‘Crossing LoC, use of n-weapons were not ruled out during Kargil war’ | india | Hindustan Times
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‘Crossing LoC, use of n-weapons were not ruled out during Kargil war’

india Updated: Dec 02, 2015 14:58 IST
HT Correspondent
Kargil war

Indian artillery units pound enemy positions at the height of Kargil war. (Pradeep Bhatia/HT file photo)

A veiled threat by India to use nuclear weapons or cross the Line of Control to flush out terrorists at the height of the 1999 Kargil war may have nudged then US President Bill Clinton to put pressure on Pakistan to back down.

The revelation has been made in well-known television journalist Barkha Dutt’s book This Unquiet Land – Stories from India’s Fault Lines, to hit the stores on Wednesday.

In a letter to Clinton in the middle of June 1999, then prime minister Atal Bihari Vajpayee referred to the Pakisani intruders and said, “One way or the other, we will get them out”.

The letter was delivered by principal secretary and key aide, Brajesh Mishra, to senior US officials in Geneva, where Clinton was addressing an International Labour Organisation meeting. Mishra revealed this to Dutt a few weeks before he passed away.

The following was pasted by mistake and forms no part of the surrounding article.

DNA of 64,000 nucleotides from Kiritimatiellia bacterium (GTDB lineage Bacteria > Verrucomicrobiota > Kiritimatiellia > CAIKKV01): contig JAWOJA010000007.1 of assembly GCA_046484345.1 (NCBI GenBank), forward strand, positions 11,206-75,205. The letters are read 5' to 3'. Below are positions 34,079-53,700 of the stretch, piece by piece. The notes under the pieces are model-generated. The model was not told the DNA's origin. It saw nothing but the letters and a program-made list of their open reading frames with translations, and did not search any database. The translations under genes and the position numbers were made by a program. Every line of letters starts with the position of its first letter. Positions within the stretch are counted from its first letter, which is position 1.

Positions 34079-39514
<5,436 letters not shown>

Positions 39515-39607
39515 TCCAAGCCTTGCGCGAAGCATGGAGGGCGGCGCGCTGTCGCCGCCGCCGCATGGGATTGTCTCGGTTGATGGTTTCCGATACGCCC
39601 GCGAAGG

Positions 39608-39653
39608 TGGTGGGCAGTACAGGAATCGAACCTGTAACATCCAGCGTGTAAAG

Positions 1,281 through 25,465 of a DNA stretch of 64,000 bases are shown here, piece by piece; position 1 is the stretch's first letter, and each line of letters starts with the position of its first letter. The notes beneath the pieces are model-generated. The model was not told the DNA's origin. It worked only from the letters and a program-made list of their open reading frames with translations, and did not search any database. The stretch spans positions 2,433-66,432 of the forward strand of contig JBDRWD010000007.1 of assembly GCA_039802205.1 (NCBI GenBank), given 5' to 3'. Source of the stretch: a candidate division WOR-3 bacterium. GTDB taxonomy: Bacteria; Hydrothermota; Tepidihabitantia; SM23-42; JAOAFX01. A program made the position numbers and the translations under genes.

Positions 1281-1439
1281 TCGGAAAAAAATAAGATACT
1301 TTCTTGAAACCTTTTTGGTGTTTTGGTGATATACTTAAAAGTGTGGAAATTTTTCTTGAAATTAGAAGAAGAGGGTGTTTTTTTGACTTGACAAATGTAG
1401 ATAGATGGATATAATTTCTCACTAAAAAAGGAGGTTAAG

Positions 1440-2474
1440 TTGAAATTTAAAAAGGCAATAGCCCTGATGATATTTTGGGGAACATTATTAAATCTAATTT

In the book, Dutt writes the letter never spelt out what options India was considering but the subtext was all bets were off. Mishra told her, “Crossing the LOC was not ruled out, nor was the use of nuclear weapons.”

Had the Americans asked him a direct question, Mishra said he would not have expanded on what it meant but believed the correspondence got Clinton actively involved in the conflict –including personal intervention to pressurize Pakistan to withdraw.

From Geneva, Clinton headed to a G-8 meeting in Cologne. The G-8 countries asked Pakistan to pull its men back behind the LoC. Clinton also sent a top military official, Anthony Zinni, to Pakistan to do some ‘plain-speaking’ with the then military chief, Pervez Musharraf. According to Dutt, Zinni told him “If you don’t pull back, you are going to bring war and nuclear annihilation down on your own country.”

The visit did not yield a breakthrough but less than a fortnight later, Pakistan’s PM Nawaz Sharif was in the White House on the 4th of July – listening to Clinton’s rebuke. Was it the Vajpayee letter, with its implicit threat, that had turned the table?